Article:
By "mat ink' is meant a curable ink or coating substance that when applied, cured and pressed against a substrate creates a depression in the substrate. By "ink matrix" is meant a press matrix formed by the mat ink substance that is cured to a hard structure such that it may create depressions in a surface during pressing. By "digital coating" is meant a digital application of a curable ink by a digital ink head.

By "Embossed In Register" or EIR means that a printed decor is in register with an embossed structure. By "Digital Variable Embossed In Register" , DVEIR, means that the embossed in register is partly or completely created digitally and varies in register with the variation of the printed decor.

Known Technique and Problems Thereof

The general technology, which is used by the industry to provide a digital print, is described below. The methods described below may be used separately or in combinations to create a digital print or a digital application of a substance in the embodiments of this disclosure.

High definition digital printers use a non-impact printing processes. The printer has print heads that "fire" drops of ink from the print heads to the substrate in a very precise manner.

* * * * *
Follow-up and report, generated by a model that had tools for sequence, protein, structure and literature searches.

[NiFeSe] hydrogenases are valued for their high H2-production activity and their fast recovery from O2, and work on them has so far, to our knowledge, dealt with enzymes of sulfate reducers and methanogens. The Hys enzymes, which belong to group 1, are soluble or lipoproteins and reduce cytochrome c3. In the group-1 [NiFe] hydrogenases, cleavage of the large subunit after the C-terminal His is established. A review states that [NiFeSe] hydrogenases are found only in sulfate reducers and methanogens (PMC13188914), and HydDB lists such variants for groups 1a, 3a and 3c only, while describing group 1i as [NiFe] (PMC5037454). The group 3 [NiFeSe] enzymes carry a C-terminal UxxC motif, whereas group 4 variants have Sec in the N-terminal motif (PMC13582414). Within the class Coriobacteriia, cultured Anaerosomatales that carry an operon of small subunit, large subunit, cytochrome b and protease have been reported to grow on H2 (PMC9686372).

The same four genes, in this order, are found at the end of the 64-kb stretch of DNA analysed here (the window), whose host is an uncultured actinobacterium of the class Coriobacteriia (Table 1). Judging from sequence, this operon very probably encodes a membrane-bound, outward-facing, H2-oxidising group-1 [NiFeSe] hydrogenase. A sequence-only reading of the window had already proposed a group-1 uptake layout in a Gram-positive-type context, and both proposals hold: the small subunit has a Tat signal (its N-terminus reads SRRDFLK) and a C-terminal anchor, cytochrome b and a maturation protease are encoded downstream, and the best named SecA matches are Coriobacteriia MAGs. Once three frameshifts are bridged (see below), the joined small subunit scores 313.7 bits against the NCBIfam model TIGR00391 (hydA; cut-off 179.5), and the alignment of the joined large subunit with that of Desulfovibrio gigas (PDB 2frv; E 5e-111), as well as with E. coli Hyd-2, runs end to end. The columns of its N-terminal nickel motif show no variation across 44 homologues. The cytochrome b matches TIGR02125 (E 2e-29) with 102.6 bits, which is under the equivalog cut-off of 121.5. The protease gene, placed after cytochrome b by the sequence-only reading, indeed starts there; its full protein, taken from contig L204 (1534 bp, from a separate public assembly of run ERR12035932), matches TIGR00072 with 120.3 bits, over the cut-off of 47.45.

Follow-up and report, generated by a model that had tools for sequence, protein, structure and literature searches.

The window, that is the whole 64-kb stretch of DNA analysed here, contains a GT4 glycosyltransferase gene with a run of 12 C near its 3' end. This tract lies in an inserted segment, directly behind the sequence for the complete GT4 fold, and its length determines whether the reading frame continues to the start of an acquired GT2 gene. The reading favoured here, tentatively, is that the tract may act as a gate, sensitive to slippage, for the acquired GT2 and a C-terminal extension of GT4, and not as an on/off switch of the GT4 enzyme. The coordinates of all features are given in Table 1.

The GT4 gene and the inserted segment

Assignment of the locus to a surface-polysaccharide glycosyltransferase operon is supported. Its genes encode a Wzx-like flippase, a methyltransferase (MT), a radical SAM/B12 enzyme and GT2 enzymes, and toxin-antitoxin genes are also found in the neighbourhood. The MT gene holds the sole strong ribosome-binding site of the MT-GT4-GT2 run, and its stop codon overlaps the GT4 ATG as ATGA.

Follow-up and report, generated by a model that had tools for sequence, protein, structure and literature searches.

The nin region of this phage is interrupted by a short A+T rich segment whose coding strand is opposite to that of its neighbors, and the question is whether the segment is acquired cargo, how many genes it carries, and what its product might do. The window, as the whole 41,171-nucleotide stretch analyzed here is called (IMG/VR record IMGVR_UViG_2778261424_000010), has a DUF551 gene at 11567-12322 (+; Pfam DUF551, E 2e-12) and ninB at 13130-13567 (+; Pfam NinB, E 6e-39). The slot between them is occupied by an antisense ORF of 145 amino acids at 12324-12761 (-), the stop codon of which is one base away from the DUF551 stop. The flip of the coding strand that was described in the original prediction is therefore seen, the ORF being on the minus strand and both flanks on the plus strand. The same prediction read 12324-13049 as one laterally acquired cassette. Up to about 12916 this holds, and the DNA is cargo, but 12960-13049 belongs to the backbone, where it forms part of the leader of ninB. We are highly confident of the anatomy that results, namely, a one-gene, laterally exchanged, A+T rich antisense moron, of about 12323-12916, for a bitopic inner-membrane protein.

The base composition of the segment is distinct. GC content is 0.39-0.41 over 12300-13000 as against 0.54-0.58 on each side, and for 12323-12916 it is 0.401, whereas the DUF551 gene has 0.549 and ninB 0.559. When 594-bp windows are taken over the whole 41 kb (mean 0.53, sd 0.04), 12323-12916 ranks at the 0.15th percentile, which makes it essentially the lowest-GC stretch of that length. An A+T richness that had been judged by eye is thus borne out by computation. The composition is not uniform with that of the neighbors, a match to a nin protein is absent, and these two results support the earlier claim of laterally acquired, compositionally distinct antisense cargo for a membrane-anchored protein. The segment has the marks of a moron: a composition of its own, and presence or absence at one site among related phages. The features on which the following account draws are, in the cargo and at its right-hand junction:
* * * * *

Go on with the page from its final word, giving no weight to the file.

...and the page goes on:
Multipass printing, also called scanning printing, is a printing method where the printer head moves transverse above the substrate many time to generate an image. Such printers are slow but one small print head can generate a bigger image. Industrial printers are generally based on a Single Pass printing method, which uses fixed printer heads, with a width that corresponds to the width of the printed media. The printed substrate moves under the heads. Such printers have a high capacity and they are equipped with fixed print heads that are aligned one after each other in the feeding direction. Each head prints one colour. Such printers may be custom made for each application.